What is happening to sea ice? ›

Rapid glacial melt in Antarctica and Greenland also influences ocean currents, as massive amounts of very cold glacial-melt water entering warmer ocean waters is slowing ocean currents. And as ice on land melts, sea levels will continue to rise.

Can the Arctic ice Be Saved? ›

Rapidly slashing the world's methane emissions could help save our Arctic summer sea ice, slow climate change and protect countless animals that make sea ice home. The findings come in a powerful new study by EDF researchers Tianyi Sun, Ilissa Ocko, and Steven Hamburg.

How long until all the ice is melted? ›

There are more than five million cubic miles of ice on Earth, and some scientists say it would take more than 5,000 years to melt it all. If we continue adding carbon to the atmosphere, we'll very likely create an ice-free planet, with an average temperature of perhaps 80 degrees Fahrenheit instead of the current 58.

How can we stop the Arctic ice from melting? ›

– Electric Power
  1. reduce the consumption of natural resources,
  2. reduce the emissions of harmful substances into the atmosphere, and.
  3. preserve the purity of water and forests.

What will happen if Arctic ice melts? ›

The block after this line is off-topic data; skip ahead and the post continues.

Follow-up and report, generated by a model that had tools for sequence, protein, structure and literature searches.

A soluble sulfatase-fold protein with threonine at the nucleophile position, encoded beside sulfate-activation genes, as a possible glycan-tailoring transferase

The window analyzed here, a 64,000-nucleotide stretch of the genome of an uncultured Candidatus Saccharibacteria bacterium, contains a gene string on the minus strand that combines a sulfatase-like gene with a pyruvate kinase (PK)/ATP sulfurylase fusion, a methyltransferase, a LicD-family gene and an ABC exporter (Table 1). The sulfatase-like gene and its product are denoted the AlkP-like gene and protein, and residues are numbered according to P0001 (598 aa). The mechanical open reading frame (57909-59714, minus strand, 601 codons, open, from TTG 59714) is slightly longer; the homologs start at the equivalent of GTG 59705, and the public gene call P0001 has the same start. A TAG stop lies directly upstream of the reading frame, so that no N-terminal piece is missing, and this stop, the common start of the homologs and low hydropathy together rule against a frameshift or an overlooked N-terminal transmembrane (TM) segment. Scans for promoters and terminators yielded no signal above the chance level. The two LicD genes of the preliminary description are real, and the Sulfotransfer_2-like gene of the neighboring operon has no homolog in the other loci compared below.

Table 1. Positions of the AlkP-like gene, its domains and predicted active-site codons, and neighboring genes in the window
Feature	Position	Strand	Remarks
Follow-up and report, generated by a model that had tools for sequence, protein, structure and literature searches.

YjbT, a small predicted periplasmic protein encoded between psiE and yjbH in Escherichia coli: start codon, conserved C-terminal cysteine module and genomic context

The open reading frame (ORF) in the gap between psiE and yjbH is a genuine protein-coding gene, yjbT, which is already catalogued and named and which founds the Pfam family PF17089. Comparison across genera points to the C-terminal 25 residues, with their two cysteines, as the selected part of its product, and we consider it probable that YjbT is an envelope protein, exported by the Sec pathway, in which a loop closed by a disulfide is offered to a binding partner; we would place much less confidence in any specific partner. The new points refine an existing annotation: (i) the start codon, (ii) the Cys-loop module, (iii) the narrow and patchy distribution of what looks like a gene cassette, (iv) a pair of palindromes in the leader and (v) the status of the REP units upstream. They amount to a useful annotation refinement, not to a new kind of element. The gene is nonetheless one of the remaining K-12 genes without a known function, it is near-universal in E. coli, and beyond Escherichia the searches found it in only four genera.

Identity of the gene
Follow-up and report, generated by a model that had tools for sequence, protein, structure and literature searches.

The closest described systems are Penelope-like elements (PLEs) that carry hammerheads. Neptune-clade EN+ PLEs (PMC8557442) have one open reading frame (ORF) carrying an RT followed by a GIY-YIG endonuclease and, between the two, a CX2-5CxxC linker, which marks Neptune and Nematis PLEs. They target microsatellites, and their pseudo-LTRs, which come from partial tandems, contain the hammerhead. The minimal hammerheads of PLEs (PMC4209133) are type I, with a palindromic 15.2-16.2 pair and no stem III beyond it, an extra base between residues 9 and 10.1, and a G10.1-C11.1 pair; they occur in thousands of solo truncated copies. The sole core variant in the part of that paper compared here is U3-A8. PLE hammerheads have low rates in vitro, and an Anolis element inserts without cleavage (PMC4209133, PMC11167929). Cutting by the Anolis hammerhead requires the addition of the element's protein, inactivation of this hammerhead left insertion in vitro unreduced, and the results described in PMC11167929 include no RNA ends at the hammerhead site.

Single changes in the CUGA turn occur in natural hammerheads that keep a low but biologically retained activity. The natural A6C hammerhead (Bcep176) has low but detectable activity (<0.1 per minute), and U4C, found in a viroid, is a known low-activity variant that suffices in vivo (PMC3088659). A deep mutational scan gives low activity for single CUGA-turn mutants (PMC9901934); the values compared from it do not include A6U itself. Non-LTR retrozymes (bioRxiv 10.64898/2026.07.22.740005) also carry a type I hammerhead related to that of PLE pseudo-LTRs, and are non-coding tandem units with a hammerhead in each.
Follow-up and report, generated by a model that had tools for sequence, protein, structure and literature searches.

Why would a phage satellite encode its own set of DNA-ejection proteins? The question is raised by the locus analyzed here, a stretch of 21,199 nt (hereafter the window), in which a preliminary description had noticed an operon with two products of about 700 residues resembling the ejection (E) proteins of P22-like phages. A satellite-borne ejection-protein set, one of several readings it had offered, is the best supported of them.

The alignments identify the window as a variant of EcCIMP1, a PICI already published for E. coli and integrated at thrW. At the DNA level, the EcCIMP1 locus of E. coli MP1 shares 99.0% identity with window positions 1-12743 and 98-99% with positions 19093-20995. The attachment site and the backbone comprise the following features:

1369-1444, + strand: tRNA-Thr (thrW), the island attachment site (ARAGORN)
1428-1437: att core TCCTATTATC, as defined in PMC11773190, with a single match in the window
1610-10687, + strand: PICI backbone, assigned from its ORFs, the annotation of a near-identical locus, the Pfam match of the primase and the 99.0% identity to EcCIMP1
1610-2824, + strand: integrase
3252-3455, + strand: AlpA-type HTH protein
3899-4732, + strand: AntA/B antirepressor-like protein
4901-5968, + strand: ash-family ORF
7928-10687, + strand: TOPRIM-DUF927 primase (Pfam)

For example, if the Greenland ice sheet were to completely melt and the meltwater were to completely flow into the ocean, then global sea level would rise by about seven meters (23 feet) and Earth would rotate more slowly, with the length of the day becoming longer than it is today, by about 2 milliseconds.

Will the Arctic become ice free? ›

Even if we reduce emissions substantially, keeping global warming levels below 2°C, Arctic sea ice will nevertheless disappear occasionally in summers before 2050.” The loss of sea ice in the summer will have a profound impact on our environment – influencing ocean circulation and hastening the warming of the Arctic.

Is the Arctic ice growing or shrinking? ›

Key Takeaway: Summer Arctic sea ice extent is shrinking by 12.6% per decade as a result of global warming. Arctic sea ice reaches its minimum extent (the area in which satellite sensors show individual pixels to be at least 15% covered in ice) each September.

What is the main threat to the Arctic ocean? ›

Oil and gas exploration, as well as mining, are substantial threats to the Arctic climate, people and wildlife. The sea ice has a big impact on maintaining sea temperature and its disappearance also has an impact on animals like polar bears, seals, whales and some fish.

What are 5 effects of melting sea ice? ›

The main consequences of deglaciation are:
  • Sea level rise.
  • Impact on the climate.
  • Disappearance of species.
  • Less fresh water.
  • Stop climate change.
  • Slow down their erosion.
  • Combine artificial icebergs.
  • Increase their thickness.

Why is sea ice increasing? ›